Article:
Bourbon is a type of whiskey. Bourbon is made from at least 51% corn, and is aged in new charred oak barrels. It’s a general rule that bourbon cannot contain any additives or colorings, and must contain at least 40% alcohol by volume (ABV) at the time of its bottling. Though most bourbon is made in Kentucky, this is not a prerequisite for qualifying as a bourbon. Bourbon is known for having a smoother, rounder taste, with notes of vanilla, oak, and caramel.

Rye is a type of whiskey. Much like bourbon, rye whiskey has certain constraints on what it is made from and how it is aged. To be considered a rye whiskey, a spirit must be distilled from a mash that is at least 51% rye, and be aged at least two years in new oak charred barrels. Rye whiskey has a bolder finish than bourbon, with a note of spice and hardness to it.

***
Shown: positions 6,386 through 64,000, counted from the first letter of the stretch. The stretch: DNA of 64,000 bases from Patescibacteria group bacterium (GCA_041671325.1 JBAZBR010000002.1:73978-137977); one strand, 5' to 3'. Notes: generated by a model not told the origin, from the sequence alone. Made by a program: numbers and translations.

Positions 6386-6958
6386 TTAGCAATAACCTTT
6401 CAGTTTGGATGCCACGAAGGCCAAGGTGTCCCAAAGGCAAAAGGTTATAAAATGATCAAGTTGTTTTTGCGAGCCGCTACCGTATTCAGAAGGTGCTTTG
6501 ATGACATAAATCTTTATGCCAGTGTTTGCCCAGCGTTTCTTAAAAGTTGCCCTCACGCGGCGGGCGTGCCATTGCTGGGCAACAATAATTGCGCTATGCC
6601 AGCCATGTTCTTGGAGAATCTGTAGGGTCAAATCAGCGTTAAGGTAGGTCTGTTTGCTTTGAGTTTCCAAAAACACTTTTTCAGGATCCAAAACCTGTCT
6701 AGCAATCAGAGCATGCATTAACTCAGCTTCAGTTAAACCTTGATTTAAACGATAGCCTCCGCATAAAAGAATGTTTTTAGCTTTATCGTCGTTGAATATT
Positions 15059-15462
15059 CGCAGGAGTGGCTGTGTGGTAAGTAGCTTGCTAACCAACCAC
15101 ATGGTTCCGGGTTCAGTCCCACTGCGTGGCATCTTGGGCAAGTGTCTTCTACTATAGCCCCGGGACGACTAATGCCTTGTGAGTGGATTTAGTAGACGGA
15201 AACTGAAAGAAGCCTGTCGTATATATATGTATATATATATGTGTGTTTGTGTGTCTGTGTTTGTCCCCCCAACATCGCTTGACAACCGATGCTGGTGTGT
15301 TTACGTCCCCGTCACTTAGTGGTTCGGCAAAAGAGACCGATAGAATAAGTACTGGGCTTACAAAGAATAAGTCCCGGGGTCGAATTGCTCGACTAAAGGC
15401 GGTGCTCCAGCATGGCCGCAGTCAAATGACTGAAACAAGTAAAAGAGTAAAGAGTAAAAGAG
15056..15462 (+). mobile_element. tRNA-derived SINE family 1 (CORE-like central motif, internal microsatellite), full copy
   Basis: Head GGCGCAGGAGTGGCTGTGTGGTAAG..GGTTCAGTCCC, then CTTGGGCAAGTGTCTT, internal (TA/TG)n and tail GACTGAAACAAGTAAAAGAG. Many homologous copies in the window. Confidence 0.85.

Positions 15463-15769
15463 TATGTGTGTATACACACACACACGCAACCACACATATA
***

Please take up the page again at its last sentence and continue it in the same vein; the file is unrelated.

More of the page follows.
Scotch is a type of whiskey, too. Scotch is made in Scotland, typically from a fermented barley mash. It’s heated over a peat fire, and aged in oak barrels for no less than three years. Unlike bourbon, true Scotch is only made in Scotland.

The Best Bourbon for a Whiskey Sour

The best bourbon for a whiskey sour is always going to be one that has a smooth, rich flavor with notes of vanilla in it. Here are a few bourbons across the price spectrum that fit the bill:

  • Woodford Reserve Bourbon Whiskey
  • Elijah Craig Small Batch Bourbon Whiskey
  • Four Roses Bourbon

Whiskey Sour Recipe Variations You Can Try

The Whiskey Sour has been endlessly modified with a wide range of comfort-seeking ingredients, from raw egg whites, to maple syrup and other natural sweeteners. Here are a few spins on the classic Whiskey Sour recipe:

Whiskey Sour with egg white: Serving a whiskey sour recipe with egg in it is fairly common practice, though the addition of an egg white is seen as optional in the drink. Just separate the white from the yolk and put it into the shaker with the rest of the ingredients. This adds a foamy top to your drink, and a pleasant, silky texture.